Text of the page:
It is an old legal saw that hard cases make bad law, but Stoneridge should not be a hard case. The legal principle advanced by the plaintiffs--that persons unrelated to the statements that constituted securities fraud could be held liable for the plaintiffs' losses--would be impossible to restrict or cabin in any effective way. Every party that engaged in ordinary commercial transactions with a public company in the United States could later be accused of participating in a securities fraud if the commercial transaction itself could be characterized as fraudulent or deceptive--even if the commercial transaction was not understood by the defendant to be part of a securities fraud.

This is another example of how difficult it is--and will always be--to control securities class actions. Ever since a private securities class action was originally authorized by a federal district court in 1946, both the Supreme Court and Congress have sought to gain some control over these beasts, especially since the SEC can effectively enforce the same rule (SEC Rule 10b-5) under which these suits are brought. First, in the 1970s, the Court clarified that the private right of action under this rule was only available to buyers or sellers of securities, and later that the plaintiff must show that the defendant intended to defraud. When this did not stanch the flow, the Court resumed its pruning effort in the 1990s, shortening the period during which these actions could be brought, and finally declaring that aiders and abettors could not be sued under Rule 10b-5. In 1995, Congress stepped in, adding restrictive pleading requirements in the Private Securities Litigation Reform Act and, when class action lawyers started using state courts, with the Securities Litigation Uniform Standards Act in 1997.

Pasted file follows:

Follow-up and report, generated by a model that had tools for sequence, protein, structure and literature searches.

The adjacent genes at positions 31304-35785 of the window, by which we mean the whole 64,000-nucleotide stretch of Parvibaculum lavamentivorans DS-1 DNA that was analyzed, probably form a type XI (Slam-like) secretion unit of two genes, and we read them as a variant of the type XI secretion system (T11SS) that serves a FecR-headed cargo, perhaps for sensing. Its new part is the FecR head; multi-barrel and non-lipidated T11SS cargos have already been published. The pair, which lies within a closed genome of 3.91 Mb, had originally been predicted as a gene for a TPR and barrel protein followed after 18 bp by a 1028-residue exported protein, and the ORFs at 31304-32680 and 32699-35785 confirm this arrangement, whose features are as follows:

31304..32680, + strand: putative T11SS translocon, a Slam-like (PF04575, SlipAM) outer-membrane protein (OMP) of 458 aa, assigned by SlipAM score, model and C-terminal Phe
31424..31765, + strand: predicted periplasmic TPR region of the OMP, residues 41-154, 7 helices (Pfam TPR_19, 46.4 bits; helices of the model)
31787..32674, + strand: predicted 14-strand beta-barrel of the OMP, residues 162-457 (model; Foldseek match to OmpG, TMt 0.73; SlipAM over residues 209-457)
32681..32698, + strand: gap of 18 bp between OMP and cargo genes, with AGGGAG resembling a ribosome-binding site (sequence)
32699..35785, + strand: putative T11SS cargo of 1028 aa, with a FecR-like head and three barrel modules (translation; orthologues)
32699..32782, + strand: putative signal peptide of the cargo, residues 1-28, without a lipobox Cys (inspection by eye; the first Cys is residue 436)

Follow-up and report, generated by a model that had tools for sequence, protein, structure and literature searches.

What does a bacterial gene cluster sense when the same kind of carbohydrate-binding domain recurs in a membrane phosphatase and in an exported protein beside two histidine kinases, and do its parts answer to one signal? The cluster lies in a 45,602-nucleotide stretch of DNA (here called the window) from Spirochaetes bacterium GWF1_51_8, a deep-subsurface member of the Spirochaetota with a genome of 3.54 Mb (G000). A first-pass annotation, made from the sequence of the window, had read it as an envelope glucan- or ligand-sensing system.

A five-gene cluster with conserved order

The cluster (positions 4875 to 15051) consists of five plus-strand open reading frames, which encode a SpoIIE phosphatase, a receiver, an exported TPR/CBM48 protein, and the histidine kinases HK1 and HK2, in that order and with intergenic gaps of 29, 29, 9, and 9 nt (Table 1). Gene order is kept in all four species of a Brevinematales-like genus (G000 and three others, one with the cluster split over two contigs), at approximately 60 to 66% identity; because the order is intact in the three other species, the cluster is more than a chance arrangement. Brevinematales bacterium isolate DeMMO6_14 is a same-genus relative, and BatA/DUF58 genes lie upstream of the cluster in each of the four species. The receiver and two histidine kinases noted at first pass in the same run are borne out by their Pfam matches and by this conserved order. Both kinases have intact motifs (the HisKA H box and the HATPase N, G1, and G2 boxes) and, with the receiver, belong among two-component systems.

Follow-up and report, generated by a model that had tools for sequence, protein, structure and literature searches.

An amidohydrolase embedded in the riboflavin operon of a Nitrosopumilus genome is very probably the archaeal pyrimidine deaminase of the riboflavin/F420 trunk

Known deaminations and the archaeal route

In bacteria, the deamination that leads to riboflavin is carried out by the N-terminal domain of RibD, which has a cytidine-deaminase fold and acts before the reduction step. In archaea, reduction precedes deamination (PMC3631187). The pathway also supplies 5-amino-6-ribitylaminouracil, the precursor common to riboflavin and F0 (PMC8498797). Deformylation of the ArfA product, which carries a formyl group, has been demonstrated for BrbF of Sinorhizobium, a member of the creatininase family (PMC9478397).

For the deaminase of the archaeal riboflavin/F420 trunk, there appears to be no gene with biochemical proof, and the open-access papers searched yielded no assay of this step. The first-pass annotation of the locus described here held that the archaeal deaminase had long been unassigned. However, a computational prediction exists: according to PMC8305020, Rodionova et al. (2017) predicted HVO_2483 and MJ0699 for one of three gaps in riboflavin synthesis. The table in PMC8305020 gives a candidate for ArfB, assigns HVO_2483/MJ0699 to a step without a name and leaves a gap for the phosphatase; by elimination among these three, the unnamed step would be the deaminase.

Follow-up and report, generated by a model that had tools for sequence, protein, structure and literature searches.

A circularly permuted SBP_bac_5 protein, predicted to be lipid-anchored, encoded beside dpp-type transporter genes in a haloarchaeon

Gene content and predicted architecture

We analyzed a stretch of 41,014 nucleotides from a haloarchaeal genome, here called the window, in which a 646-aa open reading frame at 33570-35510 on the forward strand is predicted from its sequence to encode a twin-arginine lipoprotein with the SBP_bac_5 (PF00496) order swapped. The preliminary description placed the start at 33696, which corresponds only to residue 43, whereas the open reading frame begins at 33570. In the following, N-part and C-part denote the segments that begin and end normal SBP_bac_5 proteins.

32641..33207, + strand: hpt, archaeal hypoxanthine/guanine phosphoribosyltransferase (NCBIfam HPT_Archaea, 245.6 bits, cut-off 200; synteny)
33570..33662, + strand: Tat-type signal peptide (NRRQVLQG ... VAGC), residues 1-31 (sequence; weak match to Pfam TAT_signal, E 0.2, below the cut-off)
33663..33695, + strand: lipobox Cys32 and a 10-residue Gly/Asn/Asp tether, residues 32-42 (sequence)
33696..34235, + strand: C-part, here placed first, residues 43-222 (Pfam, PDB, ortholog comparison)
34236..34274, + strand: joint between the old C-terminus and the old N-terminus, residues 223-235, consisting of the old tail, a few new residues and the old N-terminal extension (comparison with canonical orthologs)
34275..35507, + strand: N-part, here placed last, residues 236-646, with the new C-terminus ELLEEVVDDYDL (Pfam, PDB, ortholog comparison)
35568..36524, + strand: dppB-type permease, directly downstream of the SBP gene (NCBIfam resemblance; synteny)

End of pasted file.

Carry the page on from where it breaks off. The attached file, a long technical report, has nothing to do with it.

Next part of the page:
None of these steps has materially reduced the filing or costs of securities class actions, which, even if they are justified by the facts, result only in the innocent shareholders of a defendant company reimbursing the former shareholders who bought or sold--and, of course, paying the lawyers on both sides. Now, after various vain efforts by the Court and Congress to restrict the scope of Rule 10b-5 and to narrow the procedural window through which these suits must pass, we have the Stoneridge case, advancing yet another theory for why someone, somewhere, should cover the plaintiffs' losses. Is it any wonder foreign companies want to stay as far as they can from our securities markets and the jurisdiction of our courts?

The Supreme Court should add this case to the line of decisions in which it sought to narrow the scope of private securities class actions, but there is only so much the Court can do to save us from our political timidity. At some point we as a nation must decide that securities class actions have real costs in economic growth, jobs, and the international competitiveness of our capital markets.

Peter J. Wallison is the Arthur F. Burns Fellow in Financial Market Studies at AEI.